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Russ Jackson
Date of birth: July 28, 1936 (1936-07-28) (age 73)
Place of birth: Hamilton, Ontario
Career information
CFL status: Non-import
Position(s): QB
Jersey №: 12
University: McMaster
CFL Draft: 1958 / Round: 1 / Pick: 6
Drafted by: Ottawa Rough Riders
Organizations
 As player:
1958–1969 Ottawa Rough Riders
Career highlights and awards
CFL All-Star: 1966, 1968, 1969
Awards:
Honours:
Canadian Football Hall of Fame

Russell Stanley "Russ" Jackson (born July 28, 1936 in Hamilton, Ontario)[1] is a former professional Canadian football quarterback. Jackson spent his entire 12-year professional football career with the Ottawa Rough Riders of the Canadian Football League. He is a member of the Order of Canada, the Canadian Football Hall of Fame, and Canada's Sports Hall of Fame, and has been described as the best Canadian-born quarterback to play in the CFL.[2] In 2006, Jackson was voted one of the CFL's Top 50 players (#8) of the league's modern era by Canadian sports network TSN,[3] the highest-ranked Canadian-born player on the list.

Contents

Early life and college career

After a stellar college career as both a basketball and football player, Jackson graduated from McMaster University in 1958 with a Bachelor of Science degree in Mathematics. He was the McMaster nominee for a Rhodes Scholarship, but did not pursue an interview for the scholarship, deciding instead to sign with the Ottawa Rough Riders of the Canadian Football League, who drafted him in the first round of the 1958 CFL draft.[2][4]

Professional football career

Originally signed as a defensive back, Jackson ended up quarterbacking the Rough Riders to three Grey Cup victories (48th, 56th, and 57th Grey Cups).

Jackson was honoured many times during his CFL career. He won the CFL's Most Outstanding Player Award in the 1963, 1966, and 1969 seasons. He was also a four-time winner of the CFL's Most Outstanding Canadian Award (1959, 1963, 1966, 1969 seasons). He was a six-time Eastern Conference All-Star quarterback (1962, 1963, 1966, 1967, 1968, 1969) and the CFL All-Star quarterback in the 1966, 1968, and 1969 seasons.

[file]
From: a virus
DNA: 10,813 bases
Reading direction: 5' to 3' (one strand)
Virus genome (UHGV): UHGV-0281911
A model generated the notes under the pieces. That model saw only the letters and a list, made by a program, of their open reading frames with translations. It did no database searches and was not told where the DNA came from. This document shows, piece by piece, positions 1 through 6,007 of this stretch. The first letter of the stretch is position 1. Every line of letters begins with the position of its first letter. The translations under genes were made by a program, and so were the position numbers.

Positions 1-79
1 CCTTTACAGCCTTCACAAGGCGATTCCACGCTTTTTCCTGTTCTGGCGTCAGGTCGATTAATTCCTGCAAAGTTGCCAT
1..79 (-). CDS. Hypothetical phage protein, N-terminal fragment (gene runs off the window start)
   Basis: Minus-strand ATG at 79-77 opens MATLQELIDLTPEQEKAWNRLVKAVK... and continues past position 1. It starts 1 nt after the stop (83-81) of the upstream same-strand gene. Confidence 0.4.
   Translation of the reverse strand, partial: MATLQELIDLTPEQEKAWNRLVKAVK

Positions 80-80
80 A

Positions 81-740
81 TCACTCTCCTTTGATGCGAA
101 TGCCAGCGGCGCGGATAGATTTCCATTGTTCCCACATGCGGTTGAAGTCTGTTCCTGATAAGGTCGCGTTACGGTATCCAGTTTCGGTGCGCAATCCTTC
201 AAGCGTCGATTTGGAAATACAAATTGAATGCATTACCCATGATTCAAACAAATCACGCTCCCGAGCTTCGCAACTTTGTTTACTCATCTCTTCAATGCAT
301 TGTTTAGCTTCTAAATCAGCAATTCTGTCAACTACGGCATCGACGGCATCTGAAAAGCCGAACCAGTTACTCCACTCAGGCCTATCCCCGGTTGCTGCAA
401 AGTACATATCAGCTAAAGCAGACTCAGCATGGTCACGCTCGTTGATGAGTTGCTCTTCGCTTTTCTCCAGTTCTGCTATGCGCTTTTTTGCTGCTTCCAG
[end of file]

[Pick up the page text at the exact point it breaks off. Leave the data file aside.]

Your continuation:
Russ Jackson was inducted into the Canadian Football Hall of Fame in 1973.[5] Many consider him one of the best Canadian-born players to play in the CFL, while most consider him to be the best Canadian to play the quarterback position.[2] In November, 2006, Jackson was voted one of the CFL's top 50 players (#8) of the league's modern era by Canadian sports network TSN.[3]

Jackson ended his career with 24,592 passing yards, with 1,356 completions on 2,530 attempts (53.6%), 125 interceptions, 185 touchdowns, and an efficiency rating of 90.83. He was also a mobile quarterback, gaining 5,045 yards on the ground on 738 rushes, with 54 touchdowns. Among the few Canadian-born quarterbacks to play in the CFL, Jackson is the only one to pass for over 20,000 yards. In fact, he is the only one to exceed 10,000 career yards. Other Canadians, such as Don Getty, Frank Cosentino, and Gerry Dattilio, are well behind Jackson in statistics. At the time of his retirement following the 1969 Grey Cup, he was third all-time among all quarterbacks in the CFL, behind only Sam Etcheverry and one-time teammate Ron Lancaster.

Post-football playing career

After retiring from football, Jackson returned to teaching, having been a mathematics teacher from 1959-1961 and head of the Department of Mathematics at Rideau High School in Ottawa, Ontario from 1961-1966. He later became a vice-principal and principal at secondary schools in Ottawa and Mississauga. He also became principal at Brampton Centennial Secondary School and John Fraser secondary school.

Jackson has also done sports commentary for the CFL's Hamilton Tiger-Cats with radio station CHML-AM in Hamilton.

Jackson is an Officer of the Order of Canada[6] and was awarded an honorary doctoral degree in law by McMaster University in 1989.

In 1986, the Russ Jackson Award was created in his honour to recognize the CIS football player who best exhibits athletic ability, academic achievement, and devoted citizenship.[5]

References

  1. ^ "McMaster University Alumni". http://www.mcmaster.ca/ua/alumni/. Retrieved 2007-01-26.  
  2. ^ a b c "Russ Jackson". CFL Legends. Canadian Football League. http://www.cfl.ca/page/his_legends_jackson. Retrieved 2008-12-21.  
  3. ^ a b "TSN Top 50 CFL Players". TSN.ca. 2006-11-28. http://www.tsn.ca/cfl/feature/?fid=10867. Retrieved 2007-05-05.  
  4. ^ "Ottawa Rough Riders College Draft History". Capital Region Football. http://capitalregionfootball.info/index.php?pr=Rider_Draft_History. Retrieved 2008-12-21.  
  5. ^ a b "Russ Jackson". Hall of Famers. Canadian Football Hall of Fame. http://cfhof.ca/index.php?module=page&id=24&player=Jackson,%20Russ. Retrieved 2008-12-21.  
  6. ^ "Russell S. Jackson, O.C., B.Sc.". Order of Canada. Governor General of Canada. http://www.gg.ca/honours/search-recherche/honours-desc.asp?lang=e&TypeID=orc&id=830. Retrieved 2008-12-21.  
  • CFL Facts, Figures and Records 1987 and 2007.
  • Ronald A. Ferroni, The 2001 Unofficial Canadian Football Encyclopedia, Hamilton 2001.

External links

Awards
Preceded by
Nancy Greene
Lou Marsh Trophy winner
1969
Succeeded by
Bobby Orr
Preceded by
Bill Symons
CFL's Most Outstanding Player
1969
Succeeded by
Ron Lancaster
Preceded by
George Reed
CFL's Most Outstanding Player
1966
Succeeded by
Peter Liske
Preceded by
George Dixon
CFL's Most Outstanding Player
1963
Succeeded by
Lovell Coleman
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